Animal Info - South Andean Deer

(Other Names: Cerf des Andes Méridionales, Chilean Guemal, Chilean Huemul, Ciervo Andino Meridional, Huemul, Huémul des Andes Méridionales, South Andean Huemul)

Hippocamelus bisulcus

Status: Endangered


Contents

1. Profile (Picture)
2. Tidbits
3. Status and Trends (IUCN Status, Countries Where Currently Found, Population Estimates, History of Distribution, Threats and Reasons for Decline)
4. Data on Biology and Ecology (Weight, Habitat, Diet, Density and Range, Minimum Viable Population)
5. References


Profile

Pictures: South Andean Deer #1 (27 Kb JPEG); South Andean Deer #2 (44 Kb JPEG) 

The South Andean deer weighs 45 - 65 kg (100 - 140 lb). It lives at higher altitudes in the summer, moves down the mountains in the fall, and spends the winter in forested valleys. Areas with fresh water are preferred. The South Andean deer feeds primarily on herbaceous plants and shrubs.

Originally, the South Andean deer ranged along the Andes from about 34 deg S in Chile and 40 deg S in Argentina, spreading in Patagonia (south of 44 deg S) to Pacific coast islands and east along the highlands of Argentina possibly to the Atlantic coast (Povilitis 1983). By the early 1970's it appeared to be largely gone from the entire region north of Patagonia except in two areas. At that time, most huemuls were found in Chile's Aysen Region with smaller numbers along adjacent areas of Argentina. By 1997 it appeared that remaining populations were limited to protected areas (Oryx 1997d).

Overhunting for food has been a major cause of the South Andean deer's decline. Habitat loss from fire and erosion, competition with domestic animals and introduced red deer (Cervus elaphus), disease transmitted from livestock, persecution for its perceived competition with livestock and killing by domestic dogs are other important factors.


Tidbits

*** Even as recent as 1987, very little was known of the South Andean deer's distribution and status.

*** The South Andean deer is featured in Chile's national coat of arms.

*** It avoids high valleys where forest has been largely destroyed and where livestock use is heavy.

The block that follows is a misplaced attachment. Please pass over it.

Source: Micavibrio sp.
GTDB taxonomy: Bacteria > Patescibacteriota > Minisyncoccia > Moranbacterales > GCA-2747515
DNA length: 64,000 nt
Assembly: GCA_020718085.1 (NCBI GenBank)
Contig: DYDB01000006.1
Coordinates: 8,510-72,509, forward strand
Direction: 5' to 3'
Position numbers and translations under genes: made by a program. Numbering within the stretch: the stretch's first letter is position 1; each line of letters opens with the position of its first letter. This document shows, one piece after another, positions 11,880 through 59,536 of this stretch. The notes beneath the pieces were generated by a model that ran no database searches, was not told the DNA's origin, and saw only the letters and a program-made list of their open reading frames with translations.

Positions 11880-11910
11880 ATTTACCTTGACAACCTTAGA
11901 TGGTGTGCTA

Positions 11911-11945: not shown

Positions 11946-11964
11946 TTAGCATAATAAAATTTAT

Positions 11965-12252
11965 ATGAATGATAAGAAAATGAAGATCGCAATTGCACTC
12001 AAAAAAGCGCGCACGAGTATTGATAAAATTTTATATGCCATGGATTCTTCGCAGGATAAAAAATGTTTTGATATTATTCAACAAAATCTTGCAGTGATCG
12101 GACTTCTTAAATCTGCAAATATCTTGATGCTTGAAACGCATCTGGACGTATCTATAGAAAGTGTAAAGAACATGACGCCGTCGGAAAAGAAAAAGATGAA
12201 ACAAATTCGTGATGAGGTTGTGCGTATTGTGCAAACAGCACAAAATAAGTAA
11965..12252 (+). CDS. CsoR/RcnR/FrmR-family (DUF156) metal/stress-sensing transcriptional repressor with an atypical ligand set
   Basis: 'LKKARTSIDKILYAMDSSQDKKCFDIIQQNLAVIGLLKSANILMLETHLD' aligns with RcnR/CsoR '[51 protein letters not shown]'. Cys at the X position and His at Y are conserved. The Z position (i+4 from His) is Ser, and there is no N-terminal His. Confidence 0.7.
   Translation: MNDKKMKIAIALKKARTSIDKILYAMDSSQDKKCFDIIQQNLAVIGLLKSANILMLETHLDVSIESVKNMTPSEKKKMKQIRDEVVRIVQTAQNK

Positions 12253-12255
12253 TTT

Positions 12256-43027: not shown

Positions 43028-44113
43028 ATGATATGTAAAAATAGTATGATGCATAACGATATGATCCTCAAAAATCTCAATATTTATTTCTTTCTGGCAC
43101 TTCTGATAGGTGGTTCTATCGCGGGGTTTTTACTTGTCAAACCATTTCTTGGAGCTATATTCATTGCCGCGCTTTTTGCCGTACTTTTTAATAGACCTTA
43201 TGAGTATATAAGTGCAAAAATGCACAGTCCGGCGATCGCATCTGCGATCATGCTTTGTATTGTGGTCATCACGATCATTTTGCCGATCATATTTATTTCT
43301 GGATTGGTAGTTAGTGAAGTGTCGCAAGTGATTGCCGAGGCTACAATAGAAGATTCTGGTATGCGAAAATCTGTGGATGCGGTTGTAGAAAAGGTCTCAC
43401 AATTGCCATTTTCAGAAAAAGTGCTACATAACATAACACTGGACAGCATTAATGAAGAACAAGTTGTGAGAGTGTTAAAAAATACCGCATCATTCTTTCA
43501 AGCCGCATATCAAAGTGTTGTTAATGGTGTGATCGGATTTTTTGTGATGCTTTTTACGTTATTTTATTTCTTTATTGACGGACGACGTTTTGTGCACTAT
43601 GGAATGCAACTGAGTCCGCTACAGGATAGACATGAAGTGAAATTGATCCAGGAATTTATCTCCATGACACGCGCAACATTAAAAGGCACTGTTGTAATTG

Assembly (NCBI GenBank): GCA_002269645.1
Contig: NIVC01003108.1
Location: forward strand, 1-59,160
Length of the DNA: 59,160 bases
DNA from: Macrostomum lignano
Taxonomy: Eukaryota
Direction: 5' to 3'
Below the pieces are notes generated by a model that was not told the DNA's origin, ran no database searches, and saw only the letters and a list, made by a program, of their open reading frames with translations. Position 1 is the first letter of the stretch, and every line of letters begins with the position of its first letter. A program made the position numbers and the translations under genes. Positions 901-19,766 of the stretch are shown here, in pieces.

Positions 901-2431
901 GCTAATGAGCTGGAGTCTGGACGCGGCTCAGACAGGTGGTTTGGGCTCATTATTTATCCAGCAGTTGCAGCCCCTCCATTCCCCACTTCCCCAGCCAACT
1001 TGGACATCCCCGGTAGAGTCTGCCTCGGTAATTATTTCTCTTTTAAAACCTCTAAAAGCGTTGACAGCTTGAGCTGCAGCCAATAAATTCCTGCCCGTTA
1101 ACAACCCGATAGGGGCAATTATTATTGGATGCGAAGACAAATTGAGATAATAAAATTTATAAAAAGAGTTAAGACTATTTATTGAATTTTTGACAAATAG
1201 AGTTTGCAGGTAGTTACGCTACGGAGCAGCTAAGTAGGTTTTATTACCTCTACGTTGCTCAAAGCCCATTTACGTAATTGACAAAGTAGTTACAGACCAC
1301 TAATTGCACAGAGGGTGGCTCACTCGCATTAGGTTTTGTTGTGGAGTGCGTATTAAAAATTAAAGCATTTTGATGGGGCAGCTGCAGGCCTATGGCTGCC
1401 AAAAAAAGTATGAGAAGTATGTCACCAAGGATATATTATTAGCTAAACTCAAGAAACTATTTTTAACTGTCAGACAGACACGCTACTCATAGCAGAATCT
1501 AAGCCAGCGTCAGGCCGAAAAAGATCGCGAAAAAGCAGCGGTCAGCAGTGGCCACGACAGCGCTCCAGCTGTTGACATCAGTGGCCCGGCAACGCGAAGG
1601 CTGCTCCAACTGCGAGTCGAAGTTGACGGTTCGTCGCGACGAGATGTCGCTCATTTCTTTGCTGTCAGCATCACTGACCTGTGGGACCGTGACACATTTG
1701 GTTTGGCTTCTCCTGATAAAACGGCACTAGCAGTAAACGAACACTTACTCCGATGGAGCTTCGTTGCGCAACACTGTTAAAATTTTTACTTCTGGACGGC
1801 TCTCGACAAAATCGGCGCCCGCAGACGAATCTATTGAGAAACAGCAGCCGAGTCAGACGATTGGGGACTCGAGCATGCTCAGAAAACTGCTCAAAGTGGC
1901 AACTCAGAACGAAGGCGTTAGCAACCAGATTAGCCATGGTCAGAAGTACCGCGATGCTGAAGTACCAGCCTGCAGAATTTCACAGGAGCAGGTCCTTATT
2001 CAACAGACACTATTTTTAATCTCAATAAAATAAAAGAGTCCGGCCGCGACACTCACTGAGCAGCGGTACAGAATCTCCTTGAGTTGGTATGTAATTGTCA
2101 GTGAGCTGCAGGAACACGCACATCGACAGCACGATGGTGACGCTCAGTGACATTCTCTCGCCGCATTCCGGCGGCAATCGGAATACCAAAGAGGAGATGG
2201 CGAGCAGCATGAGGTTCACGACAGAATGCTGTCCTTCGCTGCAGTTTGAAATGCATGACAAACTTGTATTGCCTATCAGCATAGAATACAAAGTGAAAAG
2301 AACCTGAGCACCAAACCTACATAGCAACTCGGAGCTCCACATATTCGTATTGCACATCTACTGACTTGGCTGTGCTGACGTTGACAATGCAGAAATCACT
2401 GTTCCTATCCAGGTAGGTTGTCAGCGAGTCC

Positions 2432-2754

Status and Trends

IUCN Status:

  • 1970's: Indeterminate
  • 1980's - 1994: Endangered
  • 1996 - 2004: Endangered (Criteria: C2a) (IUCN 2004)

Countries Where the South Andean Deer Is Currently Found:

2004: Occurs in Argentina and Chile (IUCN 2004).

Population Estimates:

[Note: Figures given are for wild populations only.]

History of Distribution:

Originally, the South Andean deer ranged along the Andes from about 34 deg S in Chile and 40 deg S in Argentina, spreading in Patagonia (south of 44 deg S) to Pacific coast islands and east along the highlands of Argentina possibly to the Atlantic coast (Povilitis 1983). By the early 1970's it appeared to be largely gone from the entire region north of Patagonia except in the Nevados de Chillan (37 deg S) of Chile and Los Alerces National Park (42 deg S) in Argentina. At that time, most were found in Chile's Aysen Region with smaller numbers along adjacent areas of Argentina. By 1997 a review of recent surveys carried out in Chile and Argentina indicated that there was little evidence of established populations outside protected areas (Oryx 1997d).

Distribution Map (17 Kb) (InfoNatura)

Threats and Reasons for Decline:

Overhunting for food has been a major cause of the South Andean deer's decline. Habitat loss from fire and erosion, competition with domestic animals and introduced red deer (Cervus elaphus), disease transmitted from livestock, persecution for its perceived competition with livestock and killing by domestic dogs are other important factors.


Data on Biology and Ecology

Weight:

The South Andean deer weighs 45 - 65 kg (100 - 140 lb).

Habitat:

The South Andean deer inhabits grassy hills, shrublands and dense forests at elevations of 3300 - 5000 m (11,000 - 16,000'). Certain habitats are critical. Areas with fresh water are preferred. In summer, forests of upper valleys provide cover, forage and, in drier areas, water. In winter the low steep north-facing slopes serve as critical habitat. In addition to being warmer, these slopes have less snow and thus travel is easier and food is more accessible (Povilitis 1983).

The South Andean deer lives in both the Chilean Winter Rainfall-Valdivian Forests Biodiversity Hotspot (Cons. Intl. 2005) as well as the Valdivian Temperate Rainforests Global 200 Ecoregion (Olson & Dinerstein 1998, Olson & Dinerstein 1999).

Diet:

The South Andean deer feeds primarily on herbaceous plants and shrubs.

Density and Range:

Density:

  • 1 individual/1.3 sq km (1 individual/0.5 sq mi) (Rio Claro) (Povilitis 1983).

Range:

  • One Rio Claro doe traveled within an area of at least 44 hectares (110 acres), while small groups at the Nevados de Chillan used seasonal areas that ranged from 70 - 188 hectares (170 - 460 acres) (Povilitis 1983).

Minimum Viable Population:

Estimated minimum viable population density: 1 individual/4.5 sq km (1 individual/1.8 sq mi) (Silva & Downing 1994).


References

Burton & Pearson 1987, Cons. Intl. 2005, Curry-Lindahl 1972, Frid 1991, InfoNatura, IUCN 1994, IUCN 1996, IUCN 2000, IUCN 2003a, IUCN 2004, Nowak & Paradiso 1983, Olson & Dinerstein 1998, Olson & Dinerstein 1999, Oryx 1973d, Oryx 1997d, Oryx 2004, Povilitis 1983, Povilitis 1988, Silva & Downing 1994


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Last modified: December 3, 2005;

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